“Make sure to bundle up!”
It's cold outside and it's been raining recently. You're chatting with another mother at your child's daycare center. You're both leaving now. You want to say something nice to her as you leave, so you warn her to dress warmly.
Make sure to bundle up!
To "make sure" means to check something again, so that you know that it's OK. When you want something to happen and it's important, you check to "make sure" that it happens. For example, before your house guests leave, you can tell them:
Make sure you've got everything.
Or when someone is grilling some meat:
A more formal version of this phrase is "make sure that (clause)":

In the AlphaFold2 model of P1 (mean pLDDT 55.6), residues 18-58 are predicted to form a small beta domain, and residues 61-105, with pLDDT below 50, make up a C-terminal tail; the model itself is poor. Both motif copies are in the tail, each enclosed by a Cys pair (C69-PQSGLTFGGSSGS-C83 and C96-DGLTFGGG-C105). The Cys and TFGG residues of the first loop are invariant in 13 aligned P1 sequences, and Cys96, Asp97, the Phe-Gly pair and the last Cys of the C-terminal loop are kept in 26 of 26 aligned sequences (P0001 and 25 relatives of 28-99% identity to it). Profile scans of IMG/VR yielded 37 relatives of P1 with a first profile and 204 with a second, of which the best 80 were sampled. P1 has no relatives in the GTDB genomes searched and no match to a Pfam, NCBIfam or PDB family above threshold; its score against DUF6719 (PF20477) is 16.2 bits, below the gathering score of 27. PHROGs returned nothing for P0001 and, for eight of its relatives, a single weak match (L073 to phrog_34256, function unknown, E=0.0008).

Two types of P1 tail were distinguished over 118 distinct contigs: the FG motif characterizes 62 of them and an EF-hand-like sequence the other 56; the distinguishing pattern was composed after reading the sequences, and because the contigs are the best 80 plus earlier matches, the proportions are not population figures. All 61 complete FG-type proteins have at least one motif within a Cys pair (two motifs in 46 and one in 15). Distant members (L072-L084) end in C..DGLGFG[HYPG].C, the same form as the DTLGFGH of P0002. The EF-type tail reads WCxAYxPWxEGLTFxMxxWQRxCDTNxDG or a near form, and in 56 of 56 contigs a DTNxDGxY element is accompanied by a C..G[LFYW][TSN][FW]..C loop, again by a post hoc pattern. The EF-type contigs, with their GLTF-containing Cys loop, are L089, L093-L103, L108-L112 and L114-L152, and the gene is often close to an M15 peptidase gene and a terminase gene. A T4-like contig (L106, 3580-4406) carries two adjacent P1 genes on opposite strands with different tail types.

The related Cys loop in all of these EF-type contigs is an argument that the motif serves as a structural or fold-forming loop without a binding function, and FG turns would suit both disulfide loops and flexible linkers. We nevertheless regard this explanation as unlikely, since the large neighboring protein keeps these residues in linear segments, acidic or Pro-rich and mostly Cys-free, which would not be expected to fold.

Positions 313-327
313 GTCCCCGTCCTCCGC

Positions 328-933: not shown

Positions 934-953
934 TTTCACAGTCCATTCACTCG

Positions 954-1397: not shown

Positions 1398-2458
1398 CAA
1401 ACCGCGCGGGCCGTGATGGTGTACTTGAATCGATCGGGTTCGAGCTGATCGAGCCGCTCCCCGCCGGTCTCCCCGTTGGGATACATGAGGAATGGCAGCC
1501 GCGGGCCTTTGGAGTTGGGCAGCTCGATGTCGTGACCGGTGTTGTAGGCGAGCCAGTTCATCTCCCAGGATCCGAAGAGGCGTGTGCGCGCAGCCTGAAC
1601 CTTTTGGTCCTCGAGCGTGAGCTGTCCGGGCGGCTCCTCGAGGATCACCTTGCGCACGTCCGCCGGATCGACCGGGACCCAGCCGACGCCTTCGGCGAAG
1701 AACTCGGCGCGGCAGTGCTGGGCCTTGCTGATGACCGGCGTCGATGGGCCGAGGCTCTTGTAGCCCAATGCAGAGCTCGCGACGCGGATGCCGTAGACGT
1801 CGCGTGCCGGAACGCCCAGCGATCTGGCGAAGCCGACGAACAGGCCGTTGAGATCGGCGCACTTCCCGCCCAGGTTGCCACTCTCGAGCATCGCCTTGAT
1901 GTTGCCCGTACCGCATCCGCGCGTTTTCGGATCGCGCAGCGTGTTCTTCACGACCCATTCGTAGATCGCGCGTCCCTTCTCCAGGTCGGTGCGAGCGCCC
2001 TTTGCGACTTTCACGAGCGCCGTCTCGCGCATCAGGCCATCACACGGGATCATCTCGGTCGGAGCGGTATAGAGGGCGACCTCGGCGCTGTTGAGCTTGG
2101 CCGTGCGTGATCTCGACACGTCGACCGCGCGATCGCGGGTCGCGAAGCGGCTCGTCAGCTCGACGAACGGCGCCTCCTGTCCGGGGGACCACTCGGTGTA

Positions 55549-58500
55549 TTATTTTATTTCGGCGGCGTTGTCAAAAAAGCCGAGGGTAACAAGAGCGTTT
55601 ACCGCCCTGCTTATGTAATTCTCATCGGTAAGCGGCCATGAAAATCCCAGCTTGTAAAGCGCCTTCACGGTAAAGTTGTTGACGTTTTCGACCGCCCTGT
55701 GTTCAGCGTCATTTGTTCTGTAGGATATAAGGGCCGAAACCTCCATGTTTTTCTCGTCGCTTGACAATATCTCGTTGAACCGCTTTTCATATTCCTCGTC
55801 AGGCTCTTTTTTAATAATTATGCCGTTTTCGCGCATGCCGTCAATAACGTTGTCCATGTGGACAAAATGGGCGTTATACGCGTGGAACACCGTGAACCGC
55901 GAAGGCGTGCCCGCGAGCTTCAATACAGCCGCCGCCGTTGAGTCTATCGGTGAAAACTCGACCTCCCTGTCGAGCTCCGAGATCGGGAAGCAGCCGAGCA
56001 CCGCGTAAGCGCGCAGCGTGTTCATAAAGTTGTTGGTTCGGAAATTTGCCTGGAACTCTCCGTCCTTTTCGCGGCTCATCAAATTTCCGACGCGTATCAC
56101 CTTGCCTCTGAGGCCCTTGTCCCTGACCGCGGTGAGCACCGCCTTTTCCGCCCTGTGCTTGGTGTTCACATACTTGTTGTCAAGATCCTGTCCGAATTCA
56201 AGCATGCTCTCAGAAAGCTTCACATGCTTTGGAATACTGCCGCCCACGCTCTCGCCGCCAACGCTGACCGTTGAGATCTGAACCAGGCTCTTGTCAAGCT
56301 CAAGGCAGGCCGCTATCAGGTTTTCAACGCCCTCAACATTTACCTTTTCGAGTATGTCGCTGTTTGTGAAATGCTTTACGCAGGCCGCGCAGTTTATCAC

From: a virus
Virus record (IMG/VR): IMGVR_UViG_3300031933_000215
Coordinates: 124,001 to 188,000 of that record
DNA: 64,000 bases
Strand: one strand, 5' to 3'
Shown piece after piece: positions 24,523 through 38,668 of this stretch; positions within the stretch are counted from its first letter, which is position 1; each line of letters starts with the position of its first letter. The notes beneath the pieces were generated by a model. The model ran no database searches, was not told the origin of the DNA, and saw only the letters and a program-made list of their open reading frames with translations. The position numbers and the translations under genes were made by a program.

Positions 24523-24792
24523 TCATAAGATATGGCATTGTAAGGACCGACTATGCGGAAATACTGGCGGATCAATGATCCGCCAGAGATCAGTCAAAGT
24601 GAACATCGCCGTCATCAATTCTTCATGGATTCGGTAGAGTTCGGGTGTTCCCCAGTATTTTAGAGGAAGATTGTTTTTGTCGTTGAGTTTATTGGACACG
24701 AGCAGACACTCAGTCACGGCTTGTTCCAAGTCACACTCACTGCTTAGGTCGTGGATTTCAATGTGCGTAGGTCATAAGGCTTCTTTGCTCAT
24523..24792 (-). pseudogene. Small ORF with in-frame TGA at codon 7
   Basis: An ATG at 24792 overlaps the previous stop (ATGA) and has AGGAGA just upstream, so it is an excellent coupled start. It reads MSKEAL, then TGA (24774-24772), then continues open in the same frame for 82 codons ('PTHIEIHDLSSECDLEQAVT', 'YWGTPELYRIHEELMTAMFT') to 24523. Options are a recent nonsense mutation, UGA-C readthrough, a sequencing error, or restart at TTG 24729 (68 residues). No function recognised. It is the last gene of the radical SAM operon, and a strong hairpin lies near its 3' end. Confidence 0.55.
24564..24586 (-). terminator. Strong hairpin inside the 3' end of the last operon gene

Make sure that the pork chops are cooked all the way through.
But you can also follow "make sure" with the "to" version of a verb:
Make sure to take everything home with you.
Make sure to cook them all the way through.
To "bundle up" means to dress warmly in cold weather. Someone who "is bundled up" probably has on a jacket, scarf, gloves, and a winter cap.
Telling someone to "bundle up" sounds like something that a mother would say to her child. So the feeling that this phrase communicates is warm and caring.